Secret talks over the fate of the Obama administration’s family detention program have broken down, meaning a federal judge will rule on when and how migrant mothers and children can be locked up during asylum and other court proceedings.
Department of Justice officials and lawyers for the mothers have been locked in high level talks for nearly two months, trying to negotiate a new agreement after U.S. District Judge Dolly Gee of the Central District of California found in a draft ruling that locking up mothers and children in secure facilities violated a 1997 agreement on detaining migrant children.
Negotiations were extended three times before being abandoned. The exact reason for the breakdown is unclear, but the two sides have struggled to agree on conditions under which mothers and children can be held.
At this stage the parties are unable to reach an agreement that would resolve the currently-pending motions. The parties agree that at this stage, further discussion would not be fruitful.
Peter Schey, the mothers’ lawyer and Benjamin Mizer, principal deputy assistant attorney general
The immigration lawyers have sought to severely restrict when mothers and children can be detained, but federal officials have argued that they need more flexibility to respond to unexpected migration surges like last year’s wave of migrants from Central America.
“At this stage the parties are unable to reach an agreement that would resolve the currently pending motions,” the two sides stated in a joint motion. “The parties agree that at this stage, further discussion would not be fruitful.”
The spotlight now turns to Judge Gee who, based on her draft ruling, is expected to rule favorably for the immigration lawyers. In her April 24 draft ruling, Gee dismissed federal officials’ “rosy account of the conditions” at the federal centers and said children and mothers should not, for example, be held in a concrete-block facility built to house adult prisoners.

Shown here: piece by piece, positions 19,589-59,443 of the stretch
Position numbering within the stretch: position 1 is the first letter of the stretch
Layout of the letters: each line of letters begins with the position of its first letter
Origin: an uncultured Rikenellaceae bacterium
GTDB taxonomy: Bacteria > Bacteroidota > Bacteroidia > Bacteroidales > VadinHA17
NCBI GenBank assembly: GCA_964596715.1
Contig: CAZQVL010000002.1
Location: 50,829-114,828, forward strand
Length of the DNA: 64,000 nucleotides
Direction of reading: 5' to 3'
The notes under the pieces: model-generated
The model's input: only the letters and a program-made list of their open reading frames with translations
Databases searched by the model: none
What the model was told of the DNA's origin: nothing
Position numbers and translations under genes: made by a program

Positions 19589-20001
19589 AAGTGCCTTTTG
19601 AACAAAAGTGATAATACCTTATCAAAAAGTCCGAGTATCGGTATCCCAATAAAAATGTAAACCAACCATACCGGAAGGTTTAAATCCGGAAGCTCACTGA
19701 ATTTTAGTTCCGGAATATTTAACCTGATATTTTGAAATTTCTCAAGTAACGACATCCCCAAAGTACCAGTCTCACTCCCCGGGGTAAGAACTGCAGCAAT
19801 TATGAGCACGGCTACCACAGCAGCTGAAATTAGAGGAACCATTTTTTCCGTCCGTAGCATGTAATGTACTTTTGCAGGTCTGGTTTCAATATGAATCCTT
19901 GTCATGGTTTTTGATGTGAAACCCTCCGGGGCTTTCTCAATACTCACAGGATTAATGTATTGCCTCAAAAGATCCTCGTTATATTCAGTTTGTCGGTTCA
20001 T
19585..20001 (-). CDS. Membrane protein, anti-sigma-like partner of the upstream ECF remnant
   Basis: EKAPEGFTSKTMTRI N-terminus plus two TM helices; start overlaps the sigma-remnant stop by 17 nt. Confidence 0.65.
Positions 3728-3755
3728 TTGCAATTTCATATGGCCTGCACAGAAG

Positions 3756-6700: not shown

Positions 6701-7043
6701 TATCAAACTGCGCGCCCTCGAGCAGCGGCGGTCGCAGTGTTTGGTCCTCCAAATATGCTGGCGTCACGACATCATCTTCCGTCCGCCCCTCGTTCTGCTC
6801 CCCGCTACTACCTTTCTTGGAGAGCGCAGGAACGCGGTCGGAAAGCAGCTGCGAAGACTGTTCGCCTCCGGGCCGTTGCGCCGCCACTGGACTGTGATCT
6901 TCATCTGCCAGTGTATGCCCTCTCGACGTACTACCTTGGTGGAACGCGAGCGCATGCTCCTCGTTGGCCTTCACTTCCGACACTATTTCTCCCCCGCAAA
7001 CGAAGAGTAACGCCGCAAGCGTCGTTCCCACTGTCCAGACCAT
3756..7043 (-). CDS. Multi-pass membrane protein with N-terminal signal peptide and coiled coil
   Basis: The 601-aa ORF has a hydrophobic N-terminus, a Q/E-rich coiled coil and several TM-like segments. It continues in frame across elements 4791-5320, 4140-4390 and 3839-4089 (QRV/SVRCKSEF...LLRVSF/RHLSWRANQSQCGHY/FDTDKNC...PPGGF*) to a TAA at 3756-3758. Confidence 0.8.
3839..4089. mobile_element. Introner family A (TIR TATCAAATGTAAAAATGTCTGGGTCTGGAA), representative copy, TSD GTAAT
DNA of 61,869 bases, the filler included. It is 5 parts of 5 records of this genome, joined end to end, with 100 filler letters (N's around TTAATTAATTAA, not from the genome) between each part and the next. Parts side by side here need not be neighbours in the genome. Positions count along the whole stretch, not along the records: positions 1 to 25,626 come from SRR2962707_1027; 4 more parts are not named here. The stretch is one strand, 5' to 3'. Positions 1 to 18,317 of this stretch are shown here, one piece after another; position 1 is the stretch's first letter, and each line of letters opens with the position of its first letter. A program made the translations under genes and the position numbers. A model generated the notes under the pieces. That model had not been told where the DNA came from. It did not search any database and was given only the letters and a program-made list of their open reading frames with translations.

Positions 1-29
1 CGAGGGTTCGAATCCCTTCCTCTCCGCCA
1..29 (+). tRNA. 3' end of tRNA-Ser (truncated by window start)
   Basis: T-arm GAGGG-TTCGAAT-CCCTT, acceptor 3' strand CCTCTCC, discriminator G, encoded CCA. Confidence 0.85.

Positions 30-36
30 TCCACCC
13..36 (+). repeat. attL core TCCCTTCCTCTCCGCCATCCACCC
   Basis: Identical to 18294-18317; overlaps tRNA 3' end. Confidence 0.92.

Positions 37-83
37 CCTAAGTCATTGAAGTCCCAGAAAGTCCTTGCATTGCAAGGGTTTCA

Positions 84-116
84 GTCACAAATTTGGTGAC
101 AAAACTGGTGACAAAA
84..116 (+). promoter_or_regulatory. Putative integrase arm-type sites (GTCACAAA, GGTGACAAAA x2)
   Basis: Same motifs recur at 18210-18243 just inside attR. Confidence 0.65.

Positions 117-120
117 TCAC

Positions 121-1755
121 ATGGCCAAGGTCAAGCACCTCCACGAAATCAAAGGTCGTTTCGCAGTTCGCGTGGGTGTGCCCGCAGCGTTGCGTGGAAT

“It is astonishing that [federal officials] have enacted a policy requiring such expensive infrastructure without more evidence to support that it would be compliant with the agreement that has been in effect for nearly 20 years or effective at achieving what defendants hoped it would accomplish,” she wrote in the draft ruling.
But that was in April. The administration has since taken several steps to curtail the program as its faced intense media and political scrutiny. In her draft ruling, Gee also stated that federal officials can use the residential centers as “temporary facilities” depending on a family’s situation.
Last week, U.S. Department of Homeland Security officials began releasing hundreds of detained mothers and children from the nation’s family detention centers as part of a promise to end long-term detention of migrant families.
Homeland Security Secretary Jeh Johnson said he’d come to the conclusion that “long-term detention is an inefficient use of our resources and should be discontinued.”
Roughly 2,000 parents and children currently reside in three family detention centers in Karnes City and Dilley, Texas and Berks County, Pa.
McClatchy has reported on several allegations of sexual abuse and mistreatment at the facilities, including the case of 34-year-old mother and her 12-year-old daughter who were deported then brought back to the United States from Guatemala after a federal judge ruled the deportation was improper. In another case, a teen mother who’d attempted suicide at the Karnes facility told McClatchy about how she was put into isolation and then hidden in a hotel before being abruptly deported.
Federal officials have emphasized that the facilities would remain open, but that detainees would be there for shorter periods. Congressional critics, however, say children should never be locked up in jail-like facilities and called for the facilities to be closed entirely, something the Obama administration has said it will not do.
It’s now up to the court to decide.